Coyote Ugly: Is Ford reverting to Windsor V-8s with pushrod power?

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Ford 7.3 Godzilla V8

We interrupt your newsfeed’s stream of overpriced electric cars, self driving gadgetry, and any other hype present in an election year to inform you that FoMoCo is installing a 6.8-liter Windsor V-8 under the hood of the upcoming 2022 Ford F-150 and Mustang.

Consider what we know so far:

  • Ford reached a three-year contract with Unifor (the Canadian trade union) to make “6.8-liter engines” in its famous Windsor engine plant. They didn’t specify the cylinder count, but come on—it’s gonna be a V-8 if it’s that big.
  • This contract states that Windsor engines are intended for the aforementioned Mustang and F-150, both of which currently use the Coyote V-8 (made in nearby Essex).
  • The 6.8-liter Windsor is likely related to the 7.3-liter “Godzilla” V-8, since that’s the big-block Ford is currently producing.

This agreement also includes battery production for yet-to-be-determined electric vehicles, which is, like, theoretically great. Let’s focus on why this new Windsor mill is gonna be big for enthusiasts, and why it has little to do with the previous Windsor powering the dreams of Ford fanatics for 40+ years.

Expect the 6.8-liter Windsor to be overhead-valve (OHV) like the small-block Ford or GM’s LS-series and FCA’s Hemi V-8 engines. We could spend hours debating the pros and cons of OHV versus OHC, but the point is moot considering the power available from the competition’s big-bore, two-valve pushrod powerplants. Look for the 6.8-liter Windsor to be a de-stroked 7.3 Godzilla. It’ll likely ditch the Godzilla’s iron block and go all aluminum: Who wants an F-150 with an aluminum body and an iron engine?

Naysayers or devil’s advocates may suggest the Coyote isn’t dying; it’s simply being enlarged to 6.8 liters while moving to a new plant. That’s unlikely, since the “old” Coyote shares the same bore spacing as the 4.6-liter Modular V-8. Even the aftermarket (which operates free of warranty and emissions concerns) can’t punch out a Coyote much bigger than 5.5 liters, so getting to 6.8 liters likely necessitates adding two cylinders. Wait one second, how big was Ford’s Modular V-10 again?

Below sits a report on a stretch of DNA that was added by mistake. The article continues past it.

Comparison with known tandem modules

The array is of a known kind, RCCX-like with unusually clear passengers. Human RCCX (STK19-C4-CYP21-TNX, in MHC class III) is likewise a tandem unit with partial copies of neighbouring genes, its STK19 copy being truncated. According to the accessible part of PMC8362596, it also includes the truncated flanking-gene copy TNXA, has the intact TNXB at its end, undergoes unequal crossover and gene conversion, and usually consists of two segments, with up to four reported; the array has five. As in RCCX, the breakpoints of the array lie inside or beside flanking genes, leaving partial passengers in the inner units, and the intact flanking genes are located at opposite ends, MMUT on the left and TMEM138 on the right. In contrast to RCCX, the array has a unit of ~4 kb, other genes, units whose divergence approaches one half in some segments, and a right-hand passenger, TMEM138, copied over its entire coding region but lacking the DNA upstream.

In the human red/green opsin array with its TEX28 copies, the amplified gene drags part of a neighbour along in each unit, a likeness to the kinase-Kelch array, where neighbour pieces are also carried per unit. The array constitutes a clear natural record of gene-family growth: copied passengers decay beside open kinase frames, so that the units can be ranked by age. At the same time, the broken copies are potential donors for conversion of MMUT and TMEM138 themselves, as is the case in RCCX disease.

Ford Modular V8

If the writing’s indeed on the wall for the Modular V-8, it was a great run. Former Ford CEO Donald Petersen ushered in a new era of engines that benchmarked Europe’s finest OHC and DOHC V-8s but sold them in cars costing a fraction of the price: There was surprising refinement at first (1991 Lincoln Town Car), ending with mind-altering Coyote power in both the GT350 and GT500.

However, the Modular’s blueprint started losing its luster once the notion of LS1-FTW became a thing on the Internet. Indeed, the competition’s current crop of pushrod V-8s implies that Ford needs to step up its game to keep both the Mustang and the F-150 on top. Who wants a turbocharged V-6, or even a Coyote Raptor, when there’s a big-bore Hellcat TRX? An extra 1.8 liters of Windsor power surpasses the competition’s standard offerings—and you can bank on supercharging being in the works. This new engine lineup is likely to blow some minds.

Is 2022 the year Ford’s overhead-cam dreams come to an end? Let’s hope so, because the future is bright thanks to the return of the pushrod Windsor V-8.

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    I guess I’m going to be the pedantic one who just has to point out that none of the large engines called “big bore” in this article *really* qualify for that term (except the Godzilla which is borderline). The rest are all large displacement smallblocks and get their displacement with stroke. To me, a truly “big bore” engine is one with a bore center spacing over 4.6”, thus allowing bore diameters of 4.25” or more. Things like the 426 Hemi (4.25” bore), Chrysler 440 (4.32”), Buick 455 (4.31”), Chrysler 400(4.34”) (Ford 429/460 (4.36”), and Chevy 427/454 (4.25”). The Godzilla might qualify at 4.22” bore, but the bore spacing of 4.5” is right on the edge. The Hellcat is definitely a smallblock at 4.1” bore on a 4.46 spacing, as are all versions of the LSx. But good for Ford on keeping the big-displacement dream alive, especially with the smaller packaging allowed with pushrod/cam-in-block engines.

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